Posted by: spacewritinguy | May 1, 2008

Private vs. Government Space–Whose Advantage?

I have a running debate with a coworker about who is best able or most likely to develop space.

My coworker is a NASA true-believer. Grew up on Apollo, worships still at the altar of the Space Shuttle, is behind Constellation, if somewhat dubious of its political prospects.

I am the private-sector guy, more or less. I don’t worship Richard Branson, Burt Rutan, or Elon Musk. However, I have a strong belief that if we want the solar system developed and settled by individuals seeking profit rather than government agencies pursuing fluctuating national goals, then those are the types of people who will make it happen. Since this is my blog, I get to win this argument.

Here are the reasons why the government can’t win the long-term battle for settling the solar system.

Purpose and Budget: Profit is easy to understand: business exist to make them, year after year, for as long as they can. There might be some difference of opinion on how best to obtain those profits, but in the end, the business comes first. Profit is easier to sell, and perpetuate than some nebulous notions of national greatness, “investments in the future,” or prestige. Every year, Congress fights new battles over what it should do with the nation’s tax dollars. Political battles are relentless and getting more partisan every election. The priorities are subject to the whims and moods of the moment. The space program is a beautiful, very visible symbol of national greatness and effort. Its products are satellites, orbiters, telescopes, and landers going to or looking at distant places in the universe. Its benefits are manifold but invisible and unappreciated. Its budget is one of the few things that is blatantly discretionary. It is therefore an easy target for cuts. Advantage: Private Sector.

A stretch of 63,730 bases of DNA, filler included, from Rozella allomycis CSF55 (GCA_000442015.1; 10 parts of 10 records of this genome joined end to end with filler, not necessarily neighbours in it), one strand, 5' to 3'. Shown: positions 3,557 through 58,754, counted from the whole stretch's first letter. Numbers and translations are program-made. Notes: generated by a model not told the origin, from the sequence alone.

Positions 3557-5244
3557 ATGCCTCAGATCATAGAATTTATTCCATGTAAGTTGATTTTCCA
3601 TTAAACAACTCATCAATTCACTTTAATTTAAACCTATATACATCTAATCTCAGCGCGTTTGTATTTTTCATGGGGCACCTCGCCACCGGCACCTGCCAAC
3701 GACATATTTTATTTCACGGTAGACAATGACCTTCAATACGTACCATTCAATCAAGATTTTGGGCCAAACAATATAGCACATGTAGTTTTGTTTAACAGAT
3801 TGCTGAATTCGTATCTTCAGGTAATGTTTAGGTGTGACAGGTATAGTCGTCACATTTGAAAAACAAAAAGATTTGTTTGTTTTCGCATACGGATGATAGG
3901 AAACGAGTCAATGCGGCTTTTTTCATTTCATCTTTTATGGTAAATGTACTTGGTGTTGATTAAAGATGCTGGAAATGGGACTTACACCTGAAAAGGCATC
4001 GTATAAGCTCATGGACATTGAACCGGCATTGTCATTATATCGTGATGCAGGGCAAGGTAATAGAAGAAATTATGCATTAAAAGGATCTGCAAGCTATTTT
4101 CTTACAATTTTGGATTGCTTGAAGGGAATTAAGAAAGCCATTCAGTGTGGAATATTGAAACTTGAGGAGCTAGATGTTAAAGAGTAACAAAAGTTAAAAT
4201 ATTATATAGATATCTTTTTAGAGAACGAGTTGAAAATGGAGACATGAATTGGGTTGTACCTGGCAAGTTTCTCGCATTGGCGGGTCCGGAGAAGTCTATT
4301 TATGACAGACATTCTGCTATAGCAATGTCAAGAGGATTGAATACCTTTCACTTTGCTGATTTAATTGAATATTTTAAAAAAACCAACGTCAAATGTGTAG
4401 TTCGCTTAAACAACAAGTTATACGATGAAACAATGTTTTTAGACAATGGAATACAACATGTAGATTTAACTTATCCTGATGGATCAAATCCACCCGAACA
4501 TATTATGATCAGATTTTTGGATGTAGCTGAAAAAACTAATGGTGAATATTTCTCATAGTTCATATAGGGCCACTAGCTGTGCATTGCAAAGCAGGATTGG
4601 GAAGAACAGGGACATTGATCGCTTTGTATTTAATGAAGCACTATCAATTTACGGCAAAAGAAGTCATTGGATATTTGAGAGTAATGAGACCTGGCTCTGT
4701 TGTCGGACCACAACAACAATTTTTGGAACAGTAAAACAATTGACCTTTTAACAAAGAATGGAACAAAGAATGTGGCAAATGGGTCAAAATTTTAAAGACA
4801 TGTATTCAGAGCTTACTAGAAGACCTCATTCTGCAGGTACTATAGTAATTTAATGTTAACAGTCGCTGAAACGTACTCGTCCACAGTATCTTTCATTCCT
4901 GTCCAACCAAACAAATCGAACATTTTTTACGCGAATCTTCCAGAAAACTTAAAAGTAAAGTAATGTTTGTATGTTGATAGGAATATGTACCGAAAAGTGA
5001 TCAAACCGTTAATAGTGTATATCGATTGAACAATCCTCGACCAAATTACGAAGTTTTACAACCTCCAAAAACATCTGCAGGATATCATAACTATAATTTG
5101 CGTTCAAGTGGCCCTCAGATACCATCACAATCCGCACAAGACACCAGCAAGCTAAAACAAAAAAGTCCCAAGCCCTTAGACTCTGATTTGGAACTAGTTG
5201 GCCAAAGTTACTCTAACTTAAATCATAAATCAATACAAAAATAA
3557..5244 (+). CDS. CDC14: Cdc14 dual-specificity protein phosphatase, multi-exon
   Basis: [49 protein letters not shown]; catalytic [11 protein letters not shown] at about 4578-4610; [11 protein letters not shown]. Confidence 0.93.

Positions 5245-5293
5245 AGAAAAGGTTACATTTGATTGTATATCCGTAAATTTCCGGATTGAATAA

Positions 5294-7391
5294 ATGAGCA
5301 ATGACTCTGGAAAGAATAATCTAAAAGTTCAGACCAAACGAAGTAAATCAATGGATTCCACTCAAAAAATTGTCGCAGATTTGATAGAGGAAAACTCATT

Efficiency: Do I really need to explain this one? Private-sector vehicles are built to do one thing very well, maximize profit, and performance while minimizing costs. Government-built vehicles must do many things well and maximize government (civil service) employment. Minimizing taxpayer expense is not nearly as important as minimizing risk–that means extra regulations, inspectors, and redundant systems. Advantage: Private Sector.

Exploration: This is a tough one for private-sector fans to accept, but exploration or research and development rarely pay unless they are subsidized. Barring “ego money” spent by one or several billionaires willing to take the hit, most private-sector investors want a guaranteed return on investment. Developing a known quantity like a rocket capable of lifting cargo to LEO is dicey enough. Building something that goes to Mars or mines for minerals on the Moon or an asteroid is seriously speculative. Generally, the U.S. Government has funded first-time opportunities like that, either through the military or some other branch. Government is best when it is paying for first-time development of new technologies, building infrastructure, and setting the rules of the road. These are activities that can be supported, once built, by taxes on revenues or use of the infrastructure. The revenues aren’t dramatic, and may at best break even. Governments don’t care about profit so much as keeping the wheels turning. Advantage: Government.

Accessibility: This one is a no-brainer for me, but it demonstrates the clear philosophical difference between myself and my government-centric coworker. In my mind, the only way we’re going to settle the solar system is to make it routine enough that astronauts do not have to make the trip. The whole space tourism thing is a crystal-clear example of attempting to make space financially accessible to private citizens who do not have special training, but just want to make the trip. My friend insists that space transportation is so difficult that my dream of a space economy affordable by non-astronaut shlubs like me is utterly unrealistic.

This line of thinking says that we’ll always need complex systems, space suits, and procedures; that such complexity will naturally require highly trained individuals; and that the need for super-competent individuals to handle all these systems will naturally keep space open only to the few. I respectfully but most forcefully disagree. Those are assertions, not statements of fact. Furthermore, the “space will always be complicated” theory ignores the ground-truth of computer technologies today.